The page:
Regardless of why or for what purpose it’s performed, manipulation remains a simple and very efficient tool that can be used even ‘pre-consciously’ – if you don’t believe me remember how toddlers manipulate their parents into buying them diverse things that are not only a complete waste of money but also sometimes dangerous for their long term health. In this case the manipulation is twofold: the merchandisers position certain items near the cashiers’ desks so that the children might not miss them.

As with any tool it’s up to the user (a.k.a. manipulator) to set the standards, what’s acceptable and what not.

Really? But what if the manipulator is not fully aware of the consequences of his acts? (Remember my digression into the subject of limited rationality/consciousness?) Could it be that the entire world might be shaken, even worse that it has already been, by the yet unforeseen consequences of a manipulation already underway?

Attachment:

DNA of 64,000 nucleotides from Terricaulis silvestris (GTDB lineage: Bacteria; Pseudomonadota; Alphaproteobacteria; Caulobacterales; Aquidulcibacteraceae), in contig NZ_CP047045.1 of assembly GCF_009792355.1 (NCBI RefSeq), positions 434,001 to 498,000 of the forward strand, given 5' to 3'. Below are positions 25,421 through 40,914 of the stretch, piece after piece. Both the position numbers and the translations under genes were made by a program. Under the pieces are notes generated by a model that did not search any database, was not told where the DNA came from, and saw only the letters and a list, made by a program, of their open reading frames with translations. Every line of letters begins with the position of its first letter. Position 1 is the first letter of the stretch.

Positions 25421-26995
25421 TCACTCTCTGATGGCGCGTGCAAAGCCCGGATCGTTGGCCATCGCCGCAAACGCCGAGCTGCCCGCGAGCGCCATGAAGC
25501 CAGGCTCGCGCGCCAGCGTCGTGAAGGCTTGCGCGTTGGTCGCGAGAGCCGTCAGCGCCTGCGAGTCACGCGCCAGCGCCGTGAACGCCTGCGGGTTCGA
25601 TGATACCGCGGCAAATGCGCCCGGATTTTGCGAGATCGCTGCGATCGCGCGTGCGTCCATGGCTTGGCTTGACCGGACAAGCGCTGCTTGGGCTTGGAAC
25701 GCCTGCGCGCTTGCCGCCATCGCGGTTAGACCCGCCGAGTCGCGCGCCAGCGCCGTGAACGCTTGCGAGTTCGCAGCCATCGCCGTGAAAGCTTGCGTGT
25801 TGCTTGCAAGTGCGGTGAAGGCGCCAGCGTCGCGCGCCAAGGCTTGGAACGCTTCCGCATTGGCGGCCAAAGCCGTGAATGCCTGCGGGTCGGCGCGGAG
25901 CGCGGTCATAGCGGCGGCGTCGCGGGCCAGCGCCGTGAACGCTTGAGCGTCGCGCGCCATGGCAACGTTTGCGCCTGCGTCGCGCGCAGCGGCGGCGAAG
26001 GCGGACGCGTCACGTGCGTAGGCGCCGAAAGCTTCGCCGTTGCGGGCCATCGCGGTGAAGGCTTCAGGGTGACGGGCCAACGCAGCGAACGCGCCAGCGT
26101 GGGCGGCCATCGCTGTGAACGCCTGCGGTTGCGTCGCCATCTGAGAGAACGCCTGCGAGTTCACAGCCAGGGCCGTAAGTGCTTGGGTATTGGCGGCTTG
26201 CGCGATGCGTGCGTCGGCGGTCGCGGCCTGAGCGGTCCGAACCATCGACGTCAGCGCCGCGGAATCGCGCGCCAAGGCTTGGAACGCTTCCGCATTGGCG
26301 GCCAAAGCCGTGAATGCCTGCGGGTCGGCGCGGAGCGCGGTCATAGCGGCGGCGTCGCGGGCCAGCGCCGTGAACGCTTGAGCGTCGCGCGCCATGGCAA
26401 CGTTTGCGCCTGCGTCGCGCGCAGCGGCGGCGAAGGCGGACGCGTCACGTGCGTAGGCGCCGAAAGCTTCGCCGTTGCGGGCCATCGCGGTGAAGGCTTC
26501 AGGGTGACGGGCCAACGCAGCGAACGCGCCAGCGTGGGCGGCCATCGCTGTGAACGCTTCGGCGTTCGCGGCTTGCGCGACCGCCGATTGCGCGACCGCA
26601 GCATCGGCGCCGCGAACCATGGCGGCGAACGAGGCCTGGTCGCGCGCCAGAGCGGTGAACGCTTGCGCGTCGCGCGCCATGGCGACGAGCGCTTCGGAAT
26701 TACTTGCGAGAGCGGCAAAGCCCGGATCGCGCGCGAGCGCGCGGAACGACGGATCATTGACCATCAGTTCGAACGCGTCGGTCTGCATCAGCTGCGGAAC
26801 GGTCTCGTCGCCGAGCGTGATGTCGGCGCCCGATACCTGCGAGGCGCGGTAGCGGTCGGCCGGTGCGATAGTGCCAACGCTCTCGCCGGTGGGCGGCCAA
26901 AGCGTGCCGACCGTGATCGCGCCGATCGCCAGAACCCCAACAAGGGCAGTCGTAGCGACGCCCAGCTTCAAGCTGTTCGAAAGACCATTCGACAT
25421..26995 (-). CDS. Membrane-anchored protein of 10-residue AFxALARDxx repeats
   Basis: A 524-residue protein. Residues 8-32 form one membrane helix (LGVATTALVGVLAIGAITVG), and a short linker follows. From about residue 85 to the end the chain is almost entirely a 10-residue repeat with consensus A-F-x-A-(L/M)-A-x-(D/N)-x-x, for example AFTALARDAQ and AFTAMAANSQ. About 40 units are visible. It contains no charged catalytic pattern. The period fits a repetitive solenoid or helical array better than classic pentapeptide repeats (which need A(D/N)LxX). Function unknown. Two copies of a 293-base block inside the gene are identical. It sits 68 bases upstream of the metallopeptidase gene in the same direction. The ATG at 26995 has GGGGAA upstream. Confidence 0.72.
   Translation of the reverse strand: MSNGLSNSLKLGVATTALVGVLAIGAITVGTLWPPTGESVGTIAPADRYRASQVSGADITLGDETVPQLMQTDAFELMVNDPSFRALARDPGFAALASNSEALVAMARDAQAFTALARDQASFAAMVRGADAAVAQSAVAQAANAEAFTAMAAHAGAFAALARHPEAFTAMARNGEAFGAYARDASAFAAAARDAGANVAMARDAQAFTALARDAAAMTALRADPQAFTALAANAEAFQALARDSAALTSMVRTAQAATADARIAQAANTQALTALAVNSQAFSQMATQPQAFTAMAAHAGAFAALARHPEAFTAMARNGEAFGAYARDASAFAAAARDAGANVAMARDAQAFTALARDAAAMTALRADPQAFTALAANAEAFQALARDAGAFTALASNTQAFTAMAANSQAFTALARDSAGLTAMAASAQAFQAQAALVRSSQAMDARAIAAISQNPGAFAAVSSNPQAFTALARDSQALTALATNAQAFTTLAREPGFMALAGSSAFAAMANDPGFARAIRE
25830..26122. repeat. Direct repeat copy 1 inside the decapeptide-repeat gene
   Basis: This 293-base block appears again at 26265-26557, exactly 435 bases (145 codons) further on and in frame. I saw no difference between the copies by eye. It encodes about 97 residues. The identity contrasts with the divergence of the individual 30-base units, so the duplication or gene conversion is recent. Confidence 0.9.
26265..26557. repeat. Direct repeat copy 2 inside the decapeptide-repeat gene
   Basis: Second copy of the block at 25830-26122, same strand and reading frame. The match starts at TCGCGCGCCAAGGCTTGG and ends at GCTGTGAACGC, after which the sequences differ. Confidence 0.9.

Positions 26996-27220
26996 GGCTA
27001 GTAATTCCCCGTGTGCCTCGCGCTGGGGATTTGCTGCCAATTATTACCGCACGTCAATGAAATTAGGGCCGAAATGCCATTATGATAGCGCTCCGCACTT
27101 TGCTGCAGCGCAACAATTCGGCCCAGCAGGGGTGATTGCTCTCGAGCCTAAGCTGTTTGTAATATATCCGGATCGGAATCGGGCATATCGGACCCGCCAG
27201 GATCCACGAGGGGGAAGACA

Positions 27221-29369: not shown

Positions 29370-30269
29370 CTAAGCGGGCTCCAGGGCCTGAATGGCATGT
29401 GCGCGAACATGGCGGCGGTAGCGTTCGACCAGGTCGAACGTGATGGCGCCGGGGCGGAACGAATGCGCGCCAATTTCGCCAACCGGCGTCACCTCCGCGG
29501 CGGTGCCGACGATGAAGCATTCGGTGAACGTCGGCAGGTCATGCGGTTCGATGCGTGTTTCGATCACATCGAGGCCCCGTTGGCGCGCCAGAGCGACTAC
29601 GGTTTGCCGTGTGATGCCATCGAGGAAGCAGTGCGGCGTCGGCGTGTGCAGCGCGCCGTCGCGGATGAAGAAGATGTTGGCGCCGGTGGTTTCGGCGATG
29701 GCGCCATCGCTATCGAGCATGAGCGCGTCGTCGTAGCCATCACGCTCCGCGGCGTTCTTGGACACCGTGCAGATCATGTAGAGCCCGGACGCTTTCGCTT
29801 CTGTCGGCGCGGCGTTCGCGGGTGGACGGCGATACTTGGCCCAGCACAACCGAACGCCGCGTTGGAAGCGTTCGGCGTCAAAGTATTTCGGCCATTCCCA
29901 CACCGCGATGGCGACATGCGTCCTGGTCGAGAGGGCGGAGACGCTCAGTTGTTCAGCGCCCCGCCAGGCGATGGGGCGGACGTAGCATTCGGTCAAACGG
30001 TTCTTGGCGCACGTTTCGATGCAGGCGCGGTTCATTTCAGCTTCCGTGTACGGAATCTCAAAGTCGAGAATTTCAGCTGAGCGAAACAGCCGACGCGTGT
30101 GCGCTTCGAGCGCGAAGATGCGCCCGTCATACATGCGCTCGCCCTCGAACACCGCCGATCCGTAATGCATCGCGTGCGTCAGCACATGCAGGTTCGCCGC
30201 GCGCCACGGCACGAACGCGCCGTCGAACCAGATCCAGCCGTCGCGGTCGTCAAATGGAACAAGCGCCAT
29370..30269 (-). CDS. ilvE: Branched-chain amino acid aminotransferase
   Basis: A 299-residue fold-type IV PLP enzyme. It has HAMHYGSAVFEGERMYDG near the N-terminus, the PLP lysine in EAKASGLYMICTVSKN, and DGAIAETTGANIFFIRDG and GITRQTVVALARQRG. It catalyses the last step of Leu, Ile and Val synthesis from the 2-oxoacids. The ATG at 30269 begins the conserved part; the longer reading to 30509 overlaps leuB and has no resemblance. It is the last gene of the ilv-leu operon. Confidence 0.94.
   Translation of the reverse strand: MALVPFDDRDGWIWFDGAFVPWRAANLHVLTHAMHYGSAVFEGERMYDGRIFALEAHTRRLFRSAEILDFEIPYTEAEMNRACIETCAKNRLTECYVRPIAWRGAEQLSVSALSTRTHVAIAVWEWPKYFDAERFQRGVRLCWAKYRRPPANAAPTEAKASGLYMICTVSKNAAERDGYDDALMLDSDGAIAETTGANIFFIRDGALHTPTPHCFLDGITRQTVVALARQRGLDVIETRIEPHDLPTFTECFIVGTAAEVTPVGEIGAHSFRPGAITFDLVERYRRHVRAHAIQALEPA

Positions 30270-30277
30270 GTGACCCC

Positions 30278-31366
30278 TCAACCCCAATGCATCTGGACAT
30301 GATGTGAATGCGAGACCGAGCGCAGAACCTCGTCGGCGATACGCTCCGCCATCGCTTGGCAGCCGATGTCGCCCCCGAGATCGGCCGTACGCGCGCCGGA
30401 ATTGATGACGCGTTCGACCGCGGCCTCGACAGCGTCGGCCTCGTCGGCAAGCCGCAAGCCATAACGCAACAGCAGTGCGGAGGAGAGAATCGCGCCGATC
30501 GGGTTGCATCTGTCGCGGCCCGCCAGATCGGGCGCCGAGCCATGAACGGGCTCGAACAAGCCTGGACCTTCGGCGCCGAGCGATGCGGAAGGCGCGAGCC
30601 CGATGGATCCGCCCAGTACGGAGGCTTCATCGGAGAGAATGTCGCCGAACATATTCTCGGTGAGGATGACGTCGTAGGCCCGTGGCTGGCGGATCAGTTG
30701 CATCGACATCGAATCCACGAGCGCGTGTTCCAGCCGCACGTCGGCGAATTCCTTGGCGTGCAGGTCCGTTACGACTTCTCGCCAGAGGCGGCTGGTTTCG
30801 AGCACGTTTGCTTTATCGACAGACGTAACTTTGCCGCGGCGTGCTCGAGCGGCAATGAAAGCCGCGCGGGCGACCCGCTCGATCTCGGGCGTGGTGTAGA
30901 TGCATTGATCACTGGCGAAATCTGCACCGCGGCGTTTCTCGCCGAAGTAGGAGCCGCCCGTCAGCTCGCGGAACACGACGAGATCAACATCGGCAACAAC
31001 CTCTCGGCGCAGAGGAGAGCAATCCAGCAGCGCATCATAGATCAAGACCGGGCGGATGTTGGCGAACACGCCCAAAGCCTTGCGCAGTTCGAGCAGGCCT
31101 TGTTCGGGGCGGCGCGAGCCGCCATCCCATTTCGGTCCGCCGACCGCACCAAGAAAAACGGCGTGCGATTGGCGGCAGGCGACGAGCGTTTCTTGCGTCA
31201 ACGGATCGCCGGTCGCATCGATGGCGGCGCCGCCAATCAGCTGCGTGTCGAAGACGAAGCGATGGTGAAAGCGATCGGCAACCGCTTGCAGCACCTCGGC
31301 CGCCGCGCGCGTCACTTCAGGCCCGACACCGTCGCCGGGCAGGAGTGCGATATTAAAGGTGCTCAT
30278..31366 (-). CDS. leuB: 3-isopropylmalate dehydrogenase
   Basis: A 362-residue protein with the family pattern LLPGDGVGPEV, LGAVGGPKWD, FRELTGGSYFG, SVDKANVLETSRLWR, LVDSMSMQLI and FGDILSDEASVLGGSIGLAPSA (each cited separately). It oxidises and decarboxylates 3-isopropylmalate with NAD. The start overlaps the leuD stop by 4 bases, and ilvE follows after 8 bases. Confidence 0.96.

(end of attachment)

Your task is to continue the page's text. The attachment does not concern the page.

Well, as no manipulator is that skilled as to be able to avoid detection for very long, the sad part about the whole thing is that most of the time we know/feel that we are being manipulated and allow it to happen out of laziness or complacency… This being exactly the moment when we should start blaming ourselves for our own lassitude.

Even more ‘interesting’ is how we rationalize the daily use of manipulation:

“The uncomfortable truth is that when resolving all the different pressures from existing customers, your own organization, bids for new business, and the like, you are inevitably going to have to persuade people to do things that are not entirely in their own interests.”

So, how much ‘out of their own interests’ is it acceptable for us to manipulate the thoughts of other persons? Specially when they are, after all, our close associates – either clients, subordinates, bosses or even colleagues, friends, relatives, close family.

And, given that sooner or later everybody realizes at least some of the manipulation he has been subjected to, the survival of our entire social life basically depends on how much manipulation each of us is disposed to submit to.

Rather scary, don’t you think? Specially if we take into consideration the fact that manipulators do not always know exactly what they are doing….

Don’t despair. There are people, among the ‘movers and shakers of this world’, who have noticed at least part of what’s going on and have started to act: